I think I have recorded in another place Hewitt's frequent aphorism that "there is nothing in this world that is at all possible that has not happened or is not happening in London." But there are many strange happenings in this matter-of-fact country and in these matter-of-fact times that occur far enough from London. Fantastic crimes, savage revenges, medi?val superstitions, horrible cruelty, though less in sight, have been no more extinguished by the advent of the nineteenth century than have the ancient races who practised them in the dark ages.Some of the races have become civilized, and some of the savageries are heard of no more. But there are survivals in both cases. I say these things having in my mind a particular case that came under the personal notice of both Hewitt and myself – an affair that brought one up standing with a gasp and a doubt of one's era.
My good uncle, the Colonel, was not in the habit of gathering large house parties at his place at Ratherby, partly because the place was not a great one, and partly because the Colonel's gout was. But there was an excellent bit of shooting for two or three guns, and even when he was unable to leave the house himself, my uncle was always pleased if some good friend were enjoying a good day's sport in his territory. As to myself, the good old soul was in a perpetual state of offence because I visited him so seldom, though whenever my scant holidays fell in a convenient time of the year I was never insensible to the attractions of the Ratherby stubble. More than once had I sat by the old gentleman when his foot was exceptionally troublesome, amusing him with accounts of some of the doings of Martin Hewitt, and more than once had my uncle expressed his desire to meet Hewitt himself, and commissioned me with an invitation to be presented to Hewitt at the first likely opportunity, for a joint excursion to Ratherby. At length I persuaded Hewitt to take a fortnight's rest, coincident with a little vacation of my own, and we got down to Ratherby within a few days past September the 1st, and before a gun had been fired at the Colonel's bit of shooting. The Colonel himself we found confined to the house with his foot on the familiar rest, and though ourselves were the only guests, we managed to do pretty well together. It was during this short holiday that the case I have mentioned arose.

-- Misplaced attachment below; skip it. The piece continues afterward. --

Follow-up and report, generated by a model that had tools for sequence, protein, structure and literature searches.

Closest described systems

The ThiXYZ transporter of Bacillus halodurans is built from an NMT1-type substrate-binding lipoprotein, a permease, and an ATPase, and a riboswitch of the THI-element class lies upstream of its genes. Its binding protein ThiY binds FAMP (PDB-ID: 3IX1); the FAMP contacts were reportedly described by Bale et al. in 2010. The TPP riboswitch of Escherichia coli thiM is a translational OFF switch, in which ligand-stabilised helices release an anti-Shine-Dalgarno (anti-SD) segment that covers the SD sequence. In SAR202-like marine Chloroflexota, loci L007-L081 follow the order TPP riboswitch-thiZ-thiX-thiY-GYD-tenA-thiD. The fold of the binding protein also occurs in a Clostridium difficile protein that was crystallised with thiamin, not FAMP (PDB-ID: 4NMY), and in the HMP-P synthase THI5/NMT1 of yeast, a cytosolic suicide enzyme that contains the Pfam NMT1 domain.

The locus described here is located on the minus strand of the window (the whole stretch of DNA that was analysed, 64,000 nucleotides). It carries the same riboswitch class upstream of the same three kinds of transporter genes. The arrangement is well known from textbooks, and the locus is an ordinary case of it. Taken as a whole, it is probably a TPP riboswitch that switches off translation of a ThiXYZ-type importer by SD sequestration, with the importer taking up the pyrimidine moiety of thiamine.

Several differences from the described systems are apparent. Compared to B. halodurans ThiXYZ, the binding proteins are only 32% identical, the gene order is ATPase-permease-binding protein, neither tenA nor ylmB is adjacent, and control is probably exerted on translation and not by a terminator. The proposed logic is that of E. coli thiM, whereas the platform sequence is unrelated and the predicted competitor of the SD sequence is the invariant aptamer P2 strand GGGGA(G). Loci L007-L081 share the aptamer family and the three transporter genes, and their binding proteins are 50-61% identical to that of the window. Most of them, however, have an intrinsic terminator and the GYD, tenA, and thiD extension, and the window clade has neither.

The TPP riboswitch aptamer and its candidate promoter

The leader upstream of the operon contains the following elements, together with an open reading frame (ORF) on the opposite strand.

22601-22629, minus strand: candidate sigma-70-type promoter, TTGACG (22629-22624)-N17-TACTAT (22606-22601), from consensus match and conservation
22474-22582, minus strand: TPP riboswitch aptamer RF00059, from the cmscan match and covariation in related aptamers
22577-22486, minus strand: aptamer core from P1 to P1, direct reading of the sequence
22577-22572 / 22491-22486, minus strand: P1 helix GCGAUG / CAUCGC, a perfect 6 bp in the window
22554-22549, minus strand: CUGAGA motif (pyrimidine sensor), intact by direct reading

When first I began to record some of the more interesting of Hewitt's operations, I think I explained that such cases as I myself had not witnessed I should set down in impersonal narrative form, without intruding myself. The present case, so far as Hewitt's work was concerned, I saw, but there were circumstances which led up to it that we only fully learned afterwards. These circumstances, however, I shall put in their proper place – at the beginning.